Results

Patient characteristics

The ASCVD event study involved a total of 1458 patients, including 487 (33.4%) patients who received ICI therapy and 971 (66.6%) patients who did not. After PSM, there were 446 patients in each group. The baseline demographic characteristics of the patients are shown in Table 1, and the baseline laboratory values are presented in Additional file 1: Table S1. Overall, the proportion of male participants in the ICI group was higher than that in the non-ICI group (87.5% vs. 59.7%, P < 0.001). The ICI group had higher proportions of patients aged < 65 years (46.0% vs. 38.6%, P = 0.007) and patients with smoking index > 400 (41.7% vs. 19.8%, P < 0.001). In the ICI group, the proportions of adenocarcinoma and squamous cell carcinoma were comparable, whereas, in the non-ICI group, the most dominant pathological type was adenocarcinoma (44.6% and 48.3% vs. 76.4% and 18.0%, respectively; P < 0.001). Patients in the non-ICI group had more advanced tumor clinical stages (stage IV, 81.9% vs. 71.7%, P < 0.001). After PSM, there were no statistically significant differences in the baseline factors among the two groups. In addition, in the ICI group, PD-1 antibodies were the most commonly used antibodies, followed by PD-L1 antibody. All treatments exceeded four cycles.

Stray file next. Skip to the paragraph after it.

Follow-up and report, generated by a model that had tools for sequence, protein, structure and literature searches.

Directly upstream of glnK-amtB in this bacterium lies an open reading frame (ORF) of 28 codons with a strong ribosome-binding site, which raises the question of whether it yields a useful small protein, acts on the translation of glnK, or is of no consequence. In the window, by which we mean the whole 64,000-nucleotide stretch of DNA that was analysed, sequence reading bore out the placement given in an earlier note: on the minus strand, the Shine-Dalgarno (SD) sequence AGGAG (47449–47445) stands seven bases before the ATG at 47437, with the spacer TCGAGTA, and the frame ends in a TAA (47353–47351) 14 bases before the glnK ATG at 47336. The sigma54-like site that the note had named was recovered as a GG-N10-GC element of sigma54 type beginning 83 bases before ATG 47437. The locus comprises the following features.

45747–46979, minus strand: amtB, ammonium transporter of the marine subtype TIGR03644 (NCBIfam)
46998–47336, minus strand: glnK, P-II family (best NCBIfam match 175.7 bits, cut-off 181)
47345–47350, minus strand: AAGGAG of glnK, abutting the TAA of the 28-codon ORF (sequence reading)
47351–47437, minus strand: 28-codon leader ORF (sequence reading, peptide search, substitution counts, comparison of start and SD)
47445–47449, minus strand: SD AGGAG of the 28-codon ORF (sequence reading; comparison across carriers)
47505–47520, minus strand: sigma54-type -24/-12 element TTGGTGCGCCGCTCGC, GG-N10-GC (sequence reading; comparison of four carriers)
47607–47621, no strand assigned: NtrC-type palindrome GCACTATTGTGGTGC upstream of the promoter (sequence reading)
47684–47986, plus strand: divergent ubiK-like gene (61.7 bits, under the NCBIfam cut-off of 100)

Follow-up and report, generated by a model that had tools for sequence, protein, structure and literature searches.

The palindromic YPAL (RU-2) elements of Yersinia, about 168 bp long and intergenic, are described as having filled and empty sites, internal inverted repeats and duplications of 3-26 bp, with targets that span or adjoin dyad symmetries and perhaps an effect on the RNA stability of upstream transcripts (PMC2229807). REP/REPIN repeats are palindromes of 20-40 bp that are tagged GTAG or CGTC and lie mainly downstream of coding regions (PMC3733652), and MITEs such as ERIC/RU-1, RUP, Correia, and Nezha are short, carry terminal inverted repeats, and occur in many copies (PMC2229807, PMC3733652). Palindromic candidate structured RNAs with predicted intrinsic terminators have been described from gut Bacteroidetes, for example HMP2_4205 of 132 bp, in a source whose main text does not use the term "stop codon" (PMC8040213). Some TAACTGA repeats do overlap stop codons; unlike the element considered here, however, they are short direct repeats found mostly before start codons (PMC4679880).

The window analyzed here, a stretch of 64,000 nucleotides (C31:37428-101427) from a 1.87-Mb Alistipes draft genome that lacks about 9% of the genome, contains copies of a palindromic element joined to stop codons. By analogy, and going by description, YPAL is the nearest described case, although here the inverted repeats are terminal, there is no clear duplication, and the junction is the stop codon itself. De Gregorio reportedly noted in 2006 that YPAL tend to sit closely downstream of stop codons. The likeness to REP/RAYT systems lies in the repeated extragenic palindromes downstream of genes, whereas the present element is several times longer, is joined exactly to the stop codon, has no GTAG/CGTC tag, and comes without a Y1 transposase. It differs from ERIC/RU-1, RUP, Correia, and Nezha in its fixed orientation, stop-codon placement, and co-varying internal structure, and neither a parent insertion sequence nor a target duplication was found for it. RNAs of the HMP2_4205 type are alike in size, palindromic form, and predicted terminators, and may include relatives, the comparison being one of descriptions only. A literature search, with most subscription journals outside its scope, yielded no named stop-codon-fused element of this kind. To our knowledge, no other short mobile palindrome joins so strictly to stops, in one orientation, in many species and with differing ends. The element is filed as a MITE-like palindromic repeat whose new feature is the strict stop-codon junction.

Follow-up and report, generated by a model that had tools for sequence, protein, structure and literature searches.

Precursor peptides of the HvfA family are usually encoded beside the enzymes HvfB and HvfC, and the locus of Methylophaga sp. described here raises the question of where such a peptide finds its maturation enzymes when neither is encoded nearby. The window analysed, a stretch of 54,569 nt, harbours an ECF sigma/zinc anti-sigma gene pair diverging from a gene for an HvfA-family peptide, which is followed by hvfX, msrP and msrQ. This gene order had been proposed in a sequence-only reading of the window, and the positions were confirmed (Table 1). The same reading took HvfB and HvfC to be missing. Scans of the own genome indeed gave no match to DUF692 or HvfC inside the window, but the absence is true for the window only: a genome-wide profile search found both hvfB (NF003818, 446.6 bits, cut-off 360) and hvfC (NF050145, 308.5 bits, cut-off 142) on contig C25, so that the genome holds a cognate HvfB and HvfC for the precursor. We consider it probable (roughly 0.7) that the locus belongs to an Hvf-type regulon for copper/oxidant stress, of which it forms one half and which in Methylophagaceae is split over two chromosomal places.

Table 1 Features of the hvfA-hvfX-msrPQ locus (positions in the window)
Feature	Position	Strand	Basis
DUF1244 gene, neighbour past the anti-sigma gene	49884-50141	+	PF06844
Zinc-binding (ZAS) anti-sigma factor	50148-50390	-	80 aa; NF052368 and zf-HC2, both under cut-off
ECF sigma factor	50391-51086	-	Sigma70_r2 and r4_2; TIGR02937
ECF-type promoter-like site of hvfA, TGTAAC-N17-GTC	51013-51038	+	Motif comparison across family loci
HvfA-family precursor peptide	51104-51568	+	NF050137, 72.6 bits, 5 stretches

Table 1 Baseline characteristics of patients in ASCVD events study before and after PSM

Cardiovascular endpoints